Trenette. Their elongated and flat shape has associated them to bavette (“a type of pasta for soup in long and thin threads”, according to Fanfani in his dictionary from 1863). Therefore, all over Italy, trenette are associated to a type of thin-shaped pasta, also called tagliatellina. But the names of trenette are different: bavettine, linguine, lingue di passero, tagliatelline, fettucce, lasagnette, pappardelle. The word trenette derives probably from the Arab word “tria”, for home-made pasta. From Arab origin. But the scholar Enrico Calzolari believes it comes from “tremnu”, a votive altar in ancient natural religions, because this type of pasta was offered on the altar of the mother goddess to ask for fertility. The collective memory has maybe forgotten that elderly people remember when they were made at home (with many eggs) to be offered to the women who had just had a baby, as a homage to the birth (Camporesi) and to pray for a second baby immediately. Once upon a time, children were a source of income and since small, were trained to work in the fields. This suggests that the elongated and thin shape indicated a thread, namely the umbilical cord which connects the baby to the mother, interpreted as a connection with the heavens. This is because, as Calzolari says, the shapes of food are most likely to be linked to tribal rites of invocation.
Trenette a stuffo di fagioli alla spezzina ( La Spezia-style trenette with stewed beans sauce)
- 400g of trenette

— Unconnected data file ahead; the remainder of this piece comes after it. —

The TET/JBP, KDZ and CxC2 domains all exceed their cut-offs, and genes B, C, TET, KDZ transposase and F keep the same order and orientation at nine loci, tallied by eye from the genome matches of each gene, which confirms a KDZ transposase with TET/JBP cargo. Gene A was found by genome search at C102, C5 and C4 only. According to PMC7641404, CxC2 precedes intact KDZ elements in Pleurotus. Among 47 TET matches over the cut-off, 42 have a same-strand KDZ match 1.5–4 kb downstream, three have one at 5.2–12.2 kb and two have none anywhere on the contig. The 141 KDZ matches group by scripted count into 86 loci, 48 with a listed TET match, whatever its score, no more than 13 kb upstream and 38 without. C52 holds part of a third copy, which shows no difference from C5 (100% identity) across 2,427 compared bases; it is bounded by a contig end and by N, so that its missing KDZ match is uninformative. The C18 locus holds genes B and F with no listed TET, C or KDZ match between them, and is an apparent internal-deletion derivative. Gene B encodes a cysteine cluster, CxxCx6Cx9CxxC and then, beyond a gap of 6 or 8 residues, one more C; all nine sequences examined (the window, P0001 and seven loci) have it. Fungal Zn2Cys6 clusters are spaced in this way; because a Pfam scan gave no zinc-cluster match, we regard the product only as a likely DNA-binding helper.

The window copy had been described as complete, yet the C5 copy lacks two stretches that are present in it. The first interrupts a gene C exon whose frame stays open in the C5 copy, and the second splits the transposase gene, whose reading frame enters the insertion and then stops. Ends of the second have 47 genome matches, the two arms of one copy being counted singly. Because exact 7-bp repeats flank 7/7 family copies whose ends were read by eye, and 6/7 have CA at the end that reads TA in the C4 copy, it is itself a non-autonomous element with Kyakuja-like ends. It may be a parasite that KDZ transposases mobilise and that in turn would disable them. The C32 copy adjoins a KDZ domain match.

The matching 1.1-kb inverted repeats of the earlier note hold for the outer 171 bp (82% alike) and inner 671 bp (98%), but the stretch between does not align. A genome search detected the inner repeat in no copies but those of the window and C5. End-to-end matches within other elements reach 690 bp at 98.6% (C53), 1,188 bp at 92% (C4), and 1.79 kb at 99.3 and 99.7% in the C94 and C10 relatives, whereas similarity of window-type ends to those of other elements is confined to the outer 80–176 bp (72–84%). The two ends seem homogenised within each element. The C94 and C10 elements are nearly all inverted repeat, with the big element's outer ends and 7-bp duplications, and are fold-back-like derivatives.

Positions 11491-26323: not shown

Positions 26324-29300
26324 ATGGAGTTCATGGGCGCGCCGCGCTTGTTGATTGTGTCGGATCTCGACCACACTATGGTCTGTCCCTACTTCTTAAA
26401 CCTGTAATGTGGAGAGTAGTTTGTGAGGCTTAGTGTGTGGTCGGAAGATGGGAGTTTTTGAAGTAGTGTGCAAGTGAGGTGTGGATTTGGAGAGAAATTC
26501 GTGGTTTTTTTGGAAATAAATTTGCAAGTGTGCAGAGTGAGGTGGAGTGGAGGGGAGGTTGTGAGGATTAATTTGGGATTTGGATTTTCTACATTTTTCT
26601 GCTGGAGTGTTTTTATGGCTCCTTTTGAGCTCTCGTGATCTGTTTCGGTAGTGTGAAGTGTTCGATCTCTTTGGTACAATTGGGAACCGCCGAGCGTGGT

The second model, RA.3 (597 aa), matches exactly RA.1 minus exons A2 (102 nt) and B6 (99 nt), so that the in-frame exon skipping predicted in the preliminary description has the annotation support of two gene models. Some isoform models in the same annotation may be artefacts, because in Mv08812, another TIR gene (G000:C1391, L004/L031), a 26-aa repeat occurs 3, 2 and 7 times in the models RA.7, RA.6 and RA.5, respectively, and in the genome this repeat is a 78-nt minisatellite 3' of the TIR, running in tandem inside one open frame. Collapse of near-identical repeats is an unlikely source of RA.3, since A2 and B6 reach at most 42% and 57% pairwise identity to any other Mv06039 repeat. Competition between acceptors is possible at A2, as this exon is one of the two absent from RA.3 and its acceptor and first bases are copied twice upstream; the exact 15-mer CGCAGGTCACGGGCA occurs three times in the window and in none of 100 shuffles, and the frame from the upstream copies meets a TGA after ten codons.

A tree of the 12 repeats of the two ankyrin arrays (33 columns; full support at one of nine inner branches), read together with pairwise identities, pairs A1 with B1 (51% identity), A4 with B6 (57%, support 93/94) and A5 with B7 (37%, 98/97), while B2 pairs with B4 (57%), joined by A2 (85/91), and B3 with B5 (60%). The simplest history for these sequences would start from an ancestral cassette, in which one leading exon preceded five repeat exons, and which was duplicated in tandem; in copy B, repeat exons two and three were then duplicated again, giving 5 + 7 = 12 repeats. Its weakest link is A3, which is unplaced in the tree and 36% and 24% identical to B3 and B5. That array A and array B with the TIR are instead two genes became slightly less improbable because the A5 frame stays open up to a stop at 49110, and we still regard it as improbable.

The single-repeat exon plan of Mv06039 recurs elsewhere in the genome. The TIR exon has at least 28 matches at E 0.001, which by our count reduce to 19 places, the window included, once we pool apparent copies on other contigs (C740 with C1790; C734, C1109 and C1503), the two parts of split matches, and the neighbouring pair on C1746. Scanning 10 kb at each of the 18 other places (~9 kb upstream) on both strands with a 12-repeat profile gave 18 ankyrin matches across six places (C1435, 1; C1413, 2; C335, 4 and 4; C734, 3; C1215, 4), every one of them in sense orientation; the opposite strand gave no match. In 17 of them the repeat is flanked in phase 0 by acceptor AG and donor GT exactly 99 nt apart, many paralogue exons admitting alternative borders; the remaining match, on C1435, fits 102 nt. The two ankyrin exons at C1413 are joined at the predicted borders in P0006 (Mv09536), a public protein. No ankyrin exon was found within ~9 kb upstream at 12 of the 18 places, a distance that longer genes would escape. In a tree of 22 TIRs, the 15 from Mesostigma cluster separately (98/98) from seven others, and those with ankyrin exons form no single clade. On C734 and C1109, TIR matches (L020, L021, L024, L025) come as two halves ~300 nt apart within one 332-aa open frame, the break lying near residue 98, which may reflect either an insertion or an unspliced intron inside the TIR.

- 150 g of boiled borlotti beans (the Aquila di Pignone beans are excellent)
- 150 g of mince meat
- 1 small onion
- dry white wine
- 150 g of peeled tomatoes or tomato puree
- 40 g of butter
- 2-3 sage leaves
- freshly pressed olive oil
- 1 sprig of rosemary
- Sea salt and pepper
Slightly brown the thinly chopped onion in butter, add the mince meat, chopped sage and rosemary.
Cook for a few minutes, then puree the borlotti beans and add them to the pot with half a glass of dry white wine. Stir carefully and simmer until reduced, add salt and pepper. Add the tomatoes, whilst stirring continuously. Lower the flame and let it cook for at least 50 minutes with the lid, stirring often. This is the stuffo* with which the trenette, cooked al dente, must be seasoned in a big bowl. Some people prefer to add Sardinian grated cheese, but Parmesan makes the dish more harmonious. The dish must be served very hot, with a little olive oil.
*A stuffo: Pasta is quoted with this term in the book by Orietta Zanini De Vita “Atlas of typical products. Pasta” (AGRA Rai Eri 2004). The word comes from Greek tupho, meaning smoking, cooking slowly.
The beans aquila di Pignone and Casale (two beautiful valleys in Val di Vara) give it their best in the long preparation of the stew. There are laws passed on orally, which women passed on to their daughters to cook delicious and healthy food. Such as the tip that for all beans, one must not add salt during cooking, but only at the end. The women from the two valleys (Casale and Pignone), where beans are an excellent product, know that by doing this, the beans will remain solid, whilst being ready to be turned into a sauce.
Genius loci pairing
A dish like this, which has the taste of the Ligurian inland, with its dry and harsh appearance, needs a wine which has breathed the same air and is born in the same land. Such as Imara Rosso from Liguria di Levante, produced by Ivano Luigi De Nevi in Cornice (Sesta Godano), with IGP denomination.
Vine varieties: mainly merlot, cabernet sauvignon and a touch of pollera, which gives it the touch of genius loci.